When evaluating pitchers, we often use a term called "stuff."  What is "stuff" you say?  I don't know if anyone has ever defined the term.  It definitely has to do with quality of pitches.  It is also more than simply velocity as pitch movement is also an important component of "stuff".  One logical way of measuring "stuff" is by the ability of the pitcher to get batters out all by himself, without the aid of fielders.  The obvious measure for this ability is strikeouts.  Not all strikeouts are created equal though.  Some pitchers are better at getting batters to not swing at pitches that the umpire calls strikes.  Other pitchers are better at getting hitters to swing at pitches outside the strike zone.  A few pitchers are good at getting hitters to swing and miss at pitches within strike zone.  Intuitively, a pitcher who can get batters to swing and miss at pitches within the strike zone might be working with better "stuff" than pitchers with lower rates of the same measure.

With the advent of PitchFx and electronic systems for calling balls and strikes, we can measure how many times a pitchers induces a swing and miss at pitches inside the strike zone.  Thanks to David Laurilia who posted these numbers in his Sunday Fangraphs column.  He credits Mark Simon of ESPN.  Here are the Top 10 pitchers in MLB in order of their percentage swinging strikes within the strike zone last year:

1.  Chris Sale- 23.2
2.  Max Scherzer- 21.8
3.  Marco Estrada- 21.7
4.  RA Dickey- 21.1
6.  Jacob DeGrom- 20.3
7.  Collin McHugh- 20.0
8.  Michael Wacha- 19.8
9.  Cole Hamels- 19.7
10. Clayton Kershaw- 19.7.

Just saying…...

Saturday, November 22, 2014

Blast From the Past: Ray Sadecki RIP

Ray Sadecki, the man who is probably best known to most Giants fans as the guy they traded Orlando Cepeda for, died last week at the age of 73.  Oh my!  I have 5 patients in my medical practice who turned 100 this year and 1 who turned 101.  73 is so young these days!  Sadecki reportedly died from complications of "blood cancer" which I would interpret as being some form of leukemia.

I have to confess that my personal recollections of Sadecki are that he was a terrible pitcher for the Giants while Cepeda won an MVP and a World Series with the Cardinals.  Those recollections are not completely supported by objective data.  Sadecki actually pitched very well for the Giants in 1967 and 1968, the years the Cardinals and Cepeda were running away with NL Pennants.

Ray Sadecki was a "Bonus Baby" for the Cardinals and therefore had to stay on the MLB 25 man roster for 2 years immediately after signing.  He made his MLB debut in 1960 at the age of 19.  He pitched successfully but tended to wildness.  His best MLB season in terms of Wins was in 1964 when he went 20-11, 3.68, 220 IP, 4.87 K/9, 2.45 BB/9. Wins for starting pitchers had more meaning back in those days because most starting pitchers threw a lot of complete games.  Anyway, the Cardinals won the NL Pennant by 1 game over the Phillies and Reds.  It was the year the Phillies blew a 6.5 game lead with 12 games to play.  The Cardinals went on to win the World Series over the Yankees. Sadecki started 2 of the games but did not pitch particularly well.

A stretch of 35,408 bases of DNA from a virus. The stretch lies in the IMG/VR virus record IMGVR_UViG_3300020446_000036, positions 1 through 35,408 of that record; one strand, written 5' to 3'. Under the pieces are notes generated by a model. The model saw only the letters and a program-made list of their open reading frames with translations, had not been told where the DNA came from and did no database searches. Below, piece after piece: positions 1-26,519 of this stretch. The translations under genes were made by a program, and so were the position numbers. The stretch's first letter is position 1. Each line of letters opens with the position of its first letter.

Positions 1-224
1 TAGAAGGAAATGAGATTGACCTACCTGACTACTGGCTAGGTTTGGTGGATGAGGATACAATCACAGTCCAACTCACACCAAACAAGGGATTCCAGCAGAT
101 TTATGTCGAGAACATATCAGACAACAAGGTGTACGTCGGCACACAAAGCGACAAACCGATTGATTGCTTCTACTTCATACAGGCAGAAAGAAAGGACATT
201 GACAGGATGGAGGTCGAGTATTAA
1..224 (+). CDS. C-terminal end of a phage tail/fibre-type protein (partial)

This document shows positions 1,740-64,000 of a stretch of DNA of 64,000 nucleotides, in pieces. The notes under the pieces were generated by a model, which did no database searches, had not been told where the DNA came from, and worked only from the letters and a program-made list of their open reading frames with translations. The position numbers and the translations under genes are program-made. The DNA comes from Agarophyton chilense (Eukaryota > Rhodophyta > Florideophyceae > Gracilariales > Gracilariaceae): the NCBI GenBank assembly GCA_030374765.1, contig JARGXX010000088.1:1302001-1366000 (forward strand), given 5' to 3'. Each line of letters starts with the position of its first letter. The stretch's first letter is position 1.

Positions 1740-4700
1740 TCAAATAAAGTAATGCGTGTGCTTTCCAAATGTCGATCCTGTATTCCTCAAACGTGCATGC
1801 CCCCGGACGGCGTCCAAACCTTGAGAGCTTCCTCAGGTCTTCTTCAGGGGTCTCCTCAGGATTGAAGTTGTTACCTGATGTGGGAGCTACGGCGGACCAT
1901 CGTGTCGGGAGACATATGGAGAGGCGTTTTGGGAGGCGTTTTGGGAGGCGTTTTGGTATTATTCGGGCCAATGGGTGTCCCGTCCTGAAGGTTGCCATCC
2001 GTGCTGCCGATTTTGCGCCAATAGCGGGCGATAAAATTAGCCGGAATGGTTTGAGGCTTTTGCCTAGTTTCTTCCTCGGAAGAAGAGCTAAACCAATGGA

Sadecki's numbers collapsed in 1965 and 1966. He was traded to the Giants on May 8, 1966 for Orlando Cepeda as the Giants had to choose between him and Willie McCovey at first base.  We all know what Cepeda did with the Cardinals, but Willie McCovey was actually the right choice for the Giants to keep.  Sadecki did not pitch well after the trade frustrating many Giants fans.  He pitched much better in 1967 and 1968:

1967- 12-6, 2.78, 188 IP, 6.94 K/9, 2.78 BB/9, 24 CG, fWAR= 4.0.
1968- 12-18, 2.91, 254 IP, 7.30 K/9, 2.48 BB/9, 36 CG, fWAR= 5.3.

The Giants got exactly what they wanted out of Ray Sadecki which was a reliable third starter behind Juan Marichal and Gaylord Perry.  The problems for the Giants and Ray Sadecki was 1.  The Giants failed to support him with runs and 2.  They traded Cepeda to the wrong team as he was what the Cardinals needed to become a great team and run away with the NL Pennant twice in a row while the Giants finished second both seasons.

Sadecki's numbers went south again in 1969 and he was traded to the New York Mets.  He pitched effectively for the Mets as a swingman/spot starter for the next 5 seasons and won another NL Pennant with the Mets in 1973 and appeared in 4 World Series games which the Mets lost to the Oakland A's.

After his retirement, Sadecki, who was from Kansas City, had a ball field in the KC area named after him.  He died in Mesa, Arizona.

Hot Stove Update: Giants Sign Two Minor Leaguers